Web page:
Southeast Asia: New Views of the Geology of the Malay Archipelago

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Southeast (SE) Asia is surrounded by subduction zones causing intense seismicity and volcanic activity. Subduction has been the principal tectonic driver
of collisions that caused the growth of continental SE Asia, and most recently
the collision of Australia with SE Asia. The western part of SE Asia,
Sundaland, is a heterogeneous and weak region, reflecting processes that can
be observed today in the east, where there are subduction zones in different
stages of development. A close relationship between subduction rollback and
extension has caused dramatic elevation of land, exhumation of deep crust,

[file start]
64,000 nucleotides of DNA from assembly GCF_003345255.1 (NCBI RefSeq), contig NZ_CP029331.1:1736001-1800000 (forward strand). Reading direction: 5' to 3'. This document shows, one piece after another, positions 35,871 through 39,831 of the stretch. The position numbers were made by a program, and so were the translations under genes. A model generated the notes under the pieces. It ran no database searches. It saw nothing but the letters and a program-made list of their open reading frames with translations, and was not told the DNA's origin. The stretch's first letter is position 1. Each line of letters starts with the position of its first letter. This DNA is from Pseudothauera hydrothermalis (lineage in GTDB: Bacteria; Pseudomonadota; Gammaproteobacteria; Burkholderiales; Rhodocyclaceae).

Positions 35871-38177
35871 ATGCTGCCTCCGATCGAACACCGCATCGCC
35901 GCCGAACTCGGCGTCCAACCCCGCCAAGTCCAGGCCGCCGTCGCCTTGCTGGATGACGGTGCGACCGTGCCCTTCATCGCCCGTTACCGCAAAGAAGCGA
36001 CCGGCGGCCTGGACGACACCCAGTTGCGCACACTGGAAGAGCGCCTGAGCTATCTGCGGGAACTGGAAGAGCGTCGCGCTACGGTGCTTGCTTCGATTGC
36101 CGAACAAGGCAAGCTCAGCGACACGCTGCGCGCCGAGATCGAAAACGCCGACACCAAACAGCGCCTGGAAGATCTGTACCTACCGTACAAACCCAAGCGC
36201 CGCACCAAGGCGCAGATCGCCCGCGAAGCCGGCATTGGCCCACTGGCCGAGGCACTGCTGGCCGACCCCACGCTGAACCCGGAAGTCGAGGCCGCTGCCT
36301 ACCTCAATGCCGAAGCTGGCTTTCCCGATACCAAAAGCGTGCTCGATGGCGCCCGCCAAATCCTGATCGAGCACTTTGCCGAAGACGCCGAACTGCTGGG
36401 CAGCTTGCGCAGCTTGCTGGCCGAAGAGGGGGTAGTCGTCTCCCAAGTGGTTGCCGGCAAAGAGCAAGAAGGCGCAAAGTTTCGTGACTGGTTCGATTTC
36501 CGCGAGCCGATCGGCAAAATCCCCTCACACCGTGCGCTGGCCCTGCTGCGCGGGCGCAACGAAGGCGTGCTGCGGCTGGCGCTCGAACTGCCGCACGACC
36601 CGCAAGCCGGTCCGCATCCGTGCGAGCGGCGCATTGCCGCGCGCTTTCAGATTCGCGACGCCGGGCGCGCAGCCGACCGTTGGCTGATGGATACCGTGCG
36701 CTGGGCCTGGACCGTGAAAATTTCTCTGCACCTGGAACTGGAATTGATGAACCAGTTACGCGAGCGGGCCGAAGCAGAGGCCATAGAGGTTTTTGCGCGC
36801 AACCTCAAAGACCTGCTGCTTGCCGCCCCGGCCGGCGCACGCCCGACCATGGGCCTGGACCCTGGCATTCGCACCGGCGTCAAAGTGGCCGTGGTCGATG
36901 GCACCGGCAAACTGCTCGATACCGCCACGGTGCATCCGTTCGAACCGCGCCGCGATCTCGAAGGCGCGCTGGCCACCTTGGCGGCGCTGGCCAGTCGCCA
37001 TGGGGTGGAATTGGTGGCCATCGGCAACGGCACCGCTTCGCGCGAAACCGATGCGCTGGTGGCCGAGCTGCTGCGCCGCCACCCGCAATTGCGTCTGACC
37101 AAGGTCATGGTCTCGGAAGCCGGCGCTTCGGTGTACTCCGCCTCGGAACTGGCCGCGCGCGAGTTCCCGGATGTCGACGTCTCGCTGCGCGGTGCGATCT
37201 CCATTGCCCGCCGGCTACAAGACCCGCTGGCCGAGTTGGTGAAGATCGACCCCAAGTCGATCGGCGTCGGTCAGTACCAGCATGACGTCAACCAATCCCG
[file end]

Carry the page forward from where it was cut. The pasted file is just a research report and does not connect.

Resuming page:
and spectacular subsidence of basins, observable with remotely acquired images
and seismic and multibeam data obtained from oil exploration. New dating indicates that subsidence and uplift occurred at high rates during short time intervals. Laboratory studies, modeling, and reconstructions provide
valuable insights, but field-based studies continue to present surprises
and new discoveries essential for interpretations of the geological history of
the region.
Original languageEnglish
Pages (from-to)331-358
Number of pages28
JournalAnnual Review of Earth and Planetary Sciences
Early online date7 Jun 2017
Publication statusPublished - Aug 2017

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